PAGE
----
* Book Review: Slade House by David Mitchell
* Zombie Reads
Penguin Young Readers
Ages 12 - 17
World War II is drawing to a close in East Prussia and thousands of refugees are on a desperate trek toward freedom, many with something to hide. Among them are Joana, Emilia, and Florian, whose paths converge en route to the ship that promises salvation, the Wilhelm Gustloff. Forced by circumstance to unite, the three find their strength, courage, and trust in each other tested with each step closer to safety.
Just when it seems freedom is within their grasp, tragedy strikes. Not country, nor culture, nor status matter as all ten thousand people—adults and children alike—aboard must fight for the same thing: survival.
Told in alternating points of view and perfect for fans of Anthony Doerr's Pulitzer Prize-winning All the Light We Cannot See, Erik Larson's Dead Wake, and Elizabeth Wein's Printz Honor Book Code Name Verity, this masterful work of historical fiction is inspired by the real-life tragedy that was the sinking of the Wilhelm Gustloff—the greatest maritime disaster in history. As she did in Between Shades of Gray, Ruta Sepetys unearths a shockingly little-known casualty of a gruesome war, and proves that humanity and love can prevail, even in the darkest of hours.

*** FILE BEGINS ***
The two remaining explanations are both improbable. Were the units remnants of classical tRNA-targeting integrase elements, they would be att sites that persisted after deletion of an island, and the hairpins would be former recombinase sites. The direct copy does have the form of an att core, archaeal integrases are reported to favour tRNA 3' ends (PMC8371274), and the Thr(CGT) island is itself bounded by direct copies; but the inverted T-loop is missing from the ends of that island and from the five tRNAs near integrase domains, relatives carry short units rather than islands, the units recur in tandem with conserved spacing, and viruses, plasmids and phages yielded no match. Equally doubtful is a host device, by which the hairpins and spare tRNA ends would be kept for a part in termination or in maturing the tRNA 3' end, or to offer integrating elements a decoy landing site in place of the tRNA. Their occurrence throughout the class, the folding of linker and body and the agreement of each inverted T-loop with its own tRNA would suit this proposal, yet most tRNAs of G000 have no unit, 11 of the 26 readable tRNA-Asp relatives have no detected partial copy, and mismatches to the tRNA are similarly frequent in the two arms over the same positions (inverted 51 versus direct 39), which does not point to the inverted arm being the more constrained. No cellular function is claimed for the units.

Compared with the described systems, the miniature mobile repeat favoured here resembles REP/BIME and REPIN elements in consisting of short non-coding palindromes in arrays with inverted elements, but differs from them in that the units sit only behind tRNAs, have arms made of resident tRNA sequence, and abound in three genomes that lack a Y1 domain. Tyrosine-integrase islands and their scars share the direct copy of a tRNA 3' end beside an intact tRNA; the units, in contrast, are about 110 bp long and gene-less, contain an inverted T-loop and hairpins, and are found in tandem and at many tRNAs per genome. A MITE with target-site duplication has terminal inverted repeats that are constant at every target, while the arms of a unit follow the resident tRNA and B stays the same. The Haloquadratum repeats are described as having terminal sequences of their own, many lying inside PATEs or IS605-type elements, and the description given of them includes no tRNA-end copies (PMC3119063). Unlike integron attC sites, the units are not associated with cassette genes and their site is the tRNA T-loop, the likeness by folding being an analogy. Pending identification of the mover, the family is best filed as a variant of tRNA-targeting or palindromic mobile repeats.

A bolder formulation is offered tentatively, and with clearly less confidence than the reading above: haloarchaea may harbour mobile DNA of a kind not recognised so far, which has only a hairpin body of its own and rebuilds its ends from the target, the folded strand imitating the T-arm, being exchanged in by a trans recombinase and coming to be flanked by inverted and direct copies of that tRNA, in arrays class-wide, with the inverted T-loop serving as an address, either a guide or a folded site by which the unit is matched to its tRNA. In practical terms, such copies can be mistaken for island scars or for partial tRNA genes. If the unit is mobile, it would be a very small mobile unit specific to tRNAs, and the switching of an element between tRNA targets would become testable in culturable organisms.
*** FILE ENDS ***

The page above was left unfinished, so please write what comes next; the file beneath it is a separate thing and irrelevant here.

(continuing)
I loved Ruta Sepetys' debut book, Between Shades of Gray, about the horrors inflicted on the Baltic people's by The Soviet Union and Stalin. So I knew Salt to the Sea had to be worth reading, and I was right.
With text stripped down to its most essential language, Sepetys delivers a tale that is both compelling and heart wrenching. The four alternating points of view move the story along at a breakneck speed, making the reader hardly feel the passing hours and page turns. I was completely swept into the book and into the individual lives of the characters, which are revealed like Hansel and Gretel's breadcrumbs, coaxing you along page after page.
I met Ruta once a few years ago and she advised me to "write stories that matter." The story she has written of the tragic sinking of the Wilhelm Gustloff is one that matters immensely. Salt to the Sea is remarkable, memorable, and meaningful. Five stars.